Andre Previn’s name has become synonymous with the work. In this, his latest version, the interpretation is more daringly expansive and slower to evolve than ever before - he takes nearly eight minutes longer than the more urgent Ashkenazy on Decca - but ultimately the conviction of the performance wins through. The playing is a delight -sample the clarinet solo in the long adagio, surely one of the loveliest tunes ever written, critics notwithstanding! With a generous ambience, natural balance, and 'bloom' so characteristic of Telarc productions, the recording perfectly complements the performance.
Peter Herring, Classical Music on Compact Disc
Conductor Antonio Pappano leads Orchestra dell’Accademia Nazionale di Santa Cecilia on this recording of one of the 20th century’s most thrilling and emotive symphonies, Sergej Rachmaninoff’s Symphony No. 2. This is coupled with Anatoly Liadov’s beautiful tone poem The Enchanted Lake.
EMI's two-disc set Rachmaninov: Orchestral Works offers listeners a solid foundation of the Russian composer's symphonic literature. As with many collections that call upon existing recordings to combine into one anthology, performance quality varies.
In the decades since its founding, the Scottish National Orchestra has earned a reputation as a distinguished ensemble with an extensive concert schedule, wide-ranging repertoire, and a significant representation on recordings. The SNO is the direct descendant of the Scottish Orchestra, founded in Glasgow in 1890; with the establishment of the Scottish National Orchestra Society in 1950 with monies from Glasgow, Aberdeen, Edinburgh, and Dundee, the SNO became a permanent ensemble. Throughout its first 40 years, the Scottish Orchestra had no permanent principal conductor, instead relying on a series of eminent guest conductors.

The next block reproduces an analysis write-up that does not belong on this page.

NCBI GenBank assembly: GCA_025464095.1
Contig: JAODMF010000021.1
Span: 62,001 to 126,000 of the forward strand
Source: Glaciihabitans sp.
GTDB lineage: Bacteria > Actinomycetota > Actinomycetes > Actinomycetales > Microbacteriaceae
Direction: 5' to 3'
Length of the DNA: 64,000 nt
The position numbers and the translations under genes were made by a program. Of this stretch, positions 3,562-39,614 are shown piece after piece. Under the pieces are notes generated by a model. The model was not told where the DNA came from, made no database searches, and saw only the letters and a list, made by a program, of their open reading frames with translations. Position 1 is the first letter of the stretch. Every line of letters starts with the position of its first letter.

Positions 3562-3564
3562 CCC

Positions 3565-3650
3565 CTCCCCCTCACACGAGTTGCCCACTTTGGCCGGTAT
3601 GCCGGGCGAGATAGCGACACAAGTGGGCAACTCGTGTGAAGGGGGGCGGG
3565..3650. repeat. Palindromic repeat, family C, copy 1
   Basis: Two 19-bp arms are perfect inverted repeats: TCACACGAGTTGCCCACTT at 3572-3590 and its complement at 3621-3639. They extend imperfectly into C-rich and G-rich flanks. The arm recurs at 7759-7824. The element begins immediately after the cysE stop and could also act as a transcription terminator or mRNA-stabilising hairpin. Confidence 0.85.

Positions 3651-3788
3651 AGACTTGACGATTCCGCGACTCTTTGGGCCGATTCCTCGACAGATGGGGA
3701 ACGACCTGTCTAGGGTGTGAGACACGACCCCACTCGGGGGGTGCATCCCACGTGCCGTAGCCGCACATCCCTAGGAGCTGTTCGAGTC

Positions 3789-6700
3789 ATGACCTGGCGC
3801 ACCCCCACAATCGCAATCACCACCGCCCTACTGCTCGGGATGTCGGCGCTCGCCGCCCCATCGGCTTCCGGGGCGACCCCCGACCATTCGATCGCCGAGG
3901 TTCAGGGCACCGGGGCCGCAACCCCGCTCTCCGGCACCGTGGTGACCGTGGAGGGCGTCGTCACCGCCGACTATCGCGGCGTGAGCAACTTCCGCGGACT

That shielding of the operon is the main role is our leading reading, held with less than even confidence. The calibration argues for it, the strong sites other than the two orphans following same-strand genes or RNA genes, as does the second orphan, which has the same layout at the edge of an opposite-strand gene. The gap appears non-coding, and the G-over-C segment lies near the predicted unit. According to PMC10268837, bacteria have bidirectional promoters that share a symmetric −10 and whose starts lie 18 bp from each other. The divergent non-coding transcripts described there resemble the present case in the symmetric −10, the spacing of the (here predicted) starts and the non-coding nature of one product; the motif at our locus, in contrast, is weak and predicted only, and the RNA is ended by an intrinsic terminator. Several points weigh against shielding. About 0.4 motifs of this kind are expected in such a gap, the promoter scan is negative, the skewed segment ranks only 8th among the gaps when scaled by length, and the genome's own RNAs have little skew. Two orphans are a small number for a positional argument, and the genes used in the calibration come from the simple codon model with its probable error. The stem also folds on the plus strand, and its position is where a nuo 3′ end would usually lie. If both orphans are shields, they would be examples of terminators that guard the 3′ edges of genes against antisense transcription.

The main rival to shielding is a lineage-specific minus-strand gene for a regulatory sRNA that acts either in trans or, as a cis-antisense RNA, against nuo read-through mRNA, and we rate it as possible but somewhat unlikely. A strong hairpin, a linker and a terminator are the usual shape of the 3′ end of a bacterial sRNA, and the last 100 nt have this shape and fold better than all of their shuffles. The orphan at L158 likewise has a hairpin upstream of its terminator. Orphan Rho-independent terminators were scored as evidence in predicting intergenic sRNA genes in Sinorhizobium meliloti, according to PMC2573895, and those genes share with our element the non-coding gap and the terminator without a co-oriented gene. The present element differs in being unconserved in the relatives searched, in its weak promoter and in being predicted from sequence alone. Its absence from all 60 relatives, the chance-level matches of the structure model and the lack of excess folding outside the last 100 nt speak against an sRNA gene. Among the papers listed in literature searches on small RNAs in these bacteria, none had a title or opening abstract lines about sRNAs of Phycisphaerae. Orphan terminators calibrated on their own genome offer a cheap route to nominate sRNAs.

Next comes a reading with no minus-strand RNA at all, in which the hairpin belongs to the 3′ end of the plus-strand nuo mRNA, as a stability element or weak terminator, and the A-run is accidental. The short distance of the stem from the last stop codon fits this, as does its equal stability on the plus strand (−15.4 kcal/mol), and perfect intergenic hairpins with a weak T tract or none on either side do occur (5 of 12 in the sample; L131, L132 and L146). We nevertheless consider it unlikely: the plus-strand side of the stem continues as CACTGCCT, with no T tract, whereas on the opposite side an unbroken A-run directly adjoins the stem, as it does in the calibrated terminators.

Gustav Mahler’s epic Symphony No. 2 ‘Resurrection’ with Simon Rattle and the Berliner Philharmoniker, the Rundfunkchor Berlin and star soloists Kate Royal and Magdalena Kožená was recorded in concert at Berlin’s Philharmonie in late October 2010. The Symphony, scored for orchestra, soloists and chorus, tackles the great mysteries of life and death and was already among the most successful and popular of Mahler’s symphonies during his lifetime. Not only was the work premiered by the Berliner Philharmoniker (in 1895) but it is an important work in Simon Rattle’s musical trajectory. The partnership of Sir Simon and the BPO in Mahler’s Symphony No. 2 portends a ground-breaking new recording.